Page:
She decided to take the opportunity to return to her career in communications. “I was now in a country where I could explore my career, where my English was a bonus.”

Soon after moving to the Netherlands, she landed her first communications job – with a bit of luck.

First Job by Networking

While most people think networking is about making connections with other professionals, it can also be about making connections with new people in your personal life.

At a random birthday party, Ariel struck up a conversation with someone and told them about herself and her education. Later, her new acquaintance put her in touch with the communications manager of her organisation, the KNCV Tuberculosis Foundation. To her surprise, the manager offered her an internship, which later turned into a job. Ariel says it had never happened to her before, but “sometimes that is just how it works out! You meet someone randomly, they may not have anything at the moment, but later they remember you and are able to offer you something.”

From there, she was offered other jobs before starting to working as a freelance communications officer. After completing a course with ESI during the pandemic, she received more job offers from them and other organisations.

At one point, a member of the ESI team was temporarily leaving and they needed someone to fill the position as a writer. Since then, Ariel has gotten more hours at ESI and has met more people. “Through them, I have met so many more people and have had the chance to hear and tell their amazing stories.”

Difficulties of Living in the Netherlands 

Having switched continents several times, Ariel is a pro at starting over, but she has always kept her head down. “Having lived in so many different countries, I kind of take things as they come. But obviously the Dutch language was a bit of a shock.” Smiling, she recalls the day she had to activate the internet in her apartment and ended up translating the manual using Google Translate because she couldn’t reach anyone on the phone.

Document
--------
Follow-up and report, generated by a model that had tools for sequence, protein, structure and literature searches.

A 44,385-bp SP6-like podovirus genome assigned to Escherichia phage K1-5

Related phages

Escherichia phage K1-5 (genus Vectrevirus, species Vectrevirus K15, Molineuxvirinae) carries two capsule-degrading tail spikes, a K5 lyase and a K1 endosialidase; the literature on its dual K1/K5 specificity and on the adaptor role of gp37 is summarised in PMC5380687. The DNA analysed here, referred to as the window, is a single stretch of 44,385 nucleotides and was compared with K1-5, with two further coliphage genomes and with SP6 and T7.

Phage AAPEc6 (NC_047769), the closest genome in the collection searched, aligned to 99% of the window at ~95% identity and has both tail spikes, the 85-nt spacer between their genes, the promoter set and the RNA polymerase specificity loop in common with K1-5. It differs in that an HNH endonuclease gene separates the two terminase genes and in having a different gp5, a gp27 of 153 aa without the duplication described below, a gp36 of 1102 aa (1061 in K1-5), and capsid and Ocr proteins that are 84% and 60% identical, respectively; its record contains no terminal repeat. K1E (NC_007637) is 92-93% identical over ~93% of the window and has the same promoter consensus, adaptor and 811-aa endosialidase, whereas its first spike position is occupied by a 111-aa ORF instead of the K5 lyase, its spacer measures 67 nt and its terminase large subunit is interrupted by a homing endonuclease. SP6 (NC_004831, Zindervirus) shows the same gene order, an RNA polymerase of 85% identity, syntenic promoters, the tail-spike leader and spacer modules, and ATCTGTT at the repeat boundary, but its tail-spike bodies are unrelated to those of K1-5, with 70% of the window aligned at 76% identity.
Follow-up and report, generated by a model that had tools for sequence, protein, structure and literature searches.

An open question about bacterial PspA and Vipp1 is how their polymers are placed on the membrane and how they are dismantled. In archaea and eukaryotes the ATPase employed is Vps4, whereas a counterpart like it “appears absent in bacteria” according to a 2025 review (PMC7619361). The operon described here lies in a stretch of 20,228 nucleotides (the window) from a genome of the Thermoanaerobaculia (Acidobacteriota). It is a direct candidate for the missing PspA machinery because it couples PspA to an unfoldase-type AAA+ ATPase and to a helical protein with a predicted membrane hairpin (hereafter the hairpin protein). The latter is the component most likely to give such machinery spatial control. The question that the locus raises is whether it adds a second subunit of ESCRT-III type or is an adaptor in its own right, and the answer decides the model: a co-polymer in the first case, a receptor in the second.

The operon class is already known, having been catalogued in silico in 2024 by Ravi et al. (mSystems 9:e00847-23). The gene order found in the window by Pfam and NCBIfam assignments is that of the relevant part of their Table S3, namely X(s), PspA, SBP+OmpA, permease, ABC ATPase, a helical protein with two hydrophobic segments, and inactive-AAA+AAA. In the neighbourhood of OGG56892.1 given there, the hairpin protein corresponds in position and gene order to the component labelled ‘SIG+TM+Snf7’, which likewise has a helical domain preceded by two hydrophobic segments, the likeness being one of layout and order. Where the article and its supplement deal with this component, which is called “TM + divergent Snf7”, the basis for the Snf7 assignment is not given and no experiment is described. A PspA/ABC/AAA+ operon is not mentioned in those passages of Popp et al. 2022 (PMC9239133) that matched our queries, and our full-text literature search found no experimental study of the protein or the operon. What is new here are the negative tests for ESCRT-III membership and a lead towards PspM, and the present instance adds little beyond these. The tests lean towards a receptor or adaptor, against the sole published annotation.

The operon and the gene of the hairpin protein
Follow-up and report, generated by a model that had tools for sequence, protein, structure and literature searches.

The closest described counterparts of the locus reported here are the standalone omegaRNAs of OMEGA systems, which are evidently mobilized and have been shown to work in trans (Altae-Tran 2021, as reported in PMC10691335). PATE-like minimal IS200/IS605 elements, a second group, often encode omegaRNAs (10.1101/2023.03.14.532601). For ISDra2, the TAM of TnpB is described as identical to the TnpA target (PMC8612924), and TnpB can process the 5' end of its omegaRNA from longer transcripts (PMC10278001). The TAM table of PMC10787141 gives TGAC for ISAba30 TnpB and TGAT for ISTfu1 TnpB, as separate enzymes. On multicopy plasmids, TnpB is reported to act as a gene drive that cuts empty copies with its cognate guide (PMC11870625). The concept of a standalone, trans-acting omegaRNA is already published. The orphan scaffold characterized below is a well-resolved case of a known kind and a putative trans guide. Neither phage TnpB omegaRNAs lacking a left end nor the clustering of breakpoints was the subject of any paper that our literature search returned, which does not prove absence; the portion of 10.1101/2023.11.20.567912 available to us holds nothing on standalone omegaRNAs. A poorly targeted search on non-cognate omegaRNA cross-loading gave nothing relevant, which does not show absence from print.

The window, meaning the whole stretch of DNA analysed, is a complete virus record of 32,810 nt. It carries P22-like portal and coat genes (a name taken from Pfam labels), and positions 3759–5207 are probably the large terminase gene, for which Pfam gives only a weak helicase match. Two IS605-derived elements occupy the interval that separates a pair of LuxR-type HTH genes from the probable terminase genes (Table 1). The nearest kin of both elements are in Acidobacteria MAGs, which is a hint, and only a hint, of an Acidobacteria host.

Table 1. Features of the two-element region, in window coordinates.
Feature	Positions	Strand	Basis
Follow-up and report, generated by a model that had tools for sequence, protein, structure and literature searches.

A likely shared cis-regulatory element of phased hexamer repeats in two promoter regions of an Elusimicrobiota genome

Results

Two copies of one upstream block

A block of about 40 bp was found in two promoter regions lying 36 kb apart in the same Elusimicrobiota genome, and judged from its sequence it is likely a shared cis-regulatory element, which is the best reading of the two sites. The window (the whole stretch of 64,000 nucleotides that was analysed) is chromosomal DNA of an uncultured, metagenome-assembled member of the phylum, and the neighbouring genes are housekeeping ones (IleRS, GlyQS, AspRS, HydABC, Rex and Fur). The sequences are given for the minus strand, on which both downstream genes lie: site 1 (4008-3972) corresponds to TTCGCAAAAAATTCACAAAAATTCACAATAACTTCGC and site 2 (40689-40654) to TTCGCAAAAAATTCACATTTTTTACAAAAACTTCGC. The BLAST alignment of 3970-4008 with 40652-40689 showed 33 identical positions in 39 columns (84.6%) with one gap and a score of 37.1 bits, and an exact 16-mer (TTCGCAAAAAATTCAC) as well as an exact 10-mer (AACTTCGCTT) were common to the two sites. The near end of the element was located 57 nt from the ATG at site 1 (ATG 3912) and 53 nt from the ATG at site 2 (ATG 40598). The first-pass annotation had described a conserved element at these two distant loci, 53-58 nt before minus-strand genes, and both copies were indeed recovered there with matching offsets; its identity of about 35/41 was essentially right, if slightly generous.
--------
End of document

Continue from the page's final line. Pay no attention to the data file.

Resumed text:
She has since improved her Dutch to an A2 level and plans to continue to study the language. “It’s amazing how much language really contributes to how well you’re able to function in a society.”

How to follow your Dream Career

Ariel recommends people who are unsure about their career to really explore what they want to do and analyse their hard and soft skills. “If you want to move into the same career, really start researching how you can do that and where you can do that. If you find it difficult, you might need a professional community to help you so getting in touch with ESI is always a good choice.”

How to be a Good Writer

When asked what is helpful to improve one’s writing, Ariel replies: “Read everything you can including different styles and genres. Everything that you read comes back and influences the way you write.”

Another tip that she has is to find someone you trust to look over your writing. “Allow yourself to make mistakes. Don’t be shy to show someone something you’re proud of or you’re unsure of. I make mistakes and I’m a native speaker. We all make mistakes. Seeing those mistakes, recognising and learning from them is what really will improve your writing and as a person in general.”

Life in the Netherlands is now working for her and her partner. “We both had to find new friends, both of our families are far away, so we pull together as a family.”

Is the Netherlands Ariel´s final destination then? With a smile she says: “We are not planning to leave, but sometimes opportunity knocks on your door and you have to listen.”




Ljuba Naminova

Ljuba Naminova

Ljuba Naminova is a German journalist, copywriter, and author. She writes in German and English. Since 2022 she has been living in the Netherlands with her husband, three children, and two cats. She is a book lover and polyglot and is currently learning Dutch as her seventh language.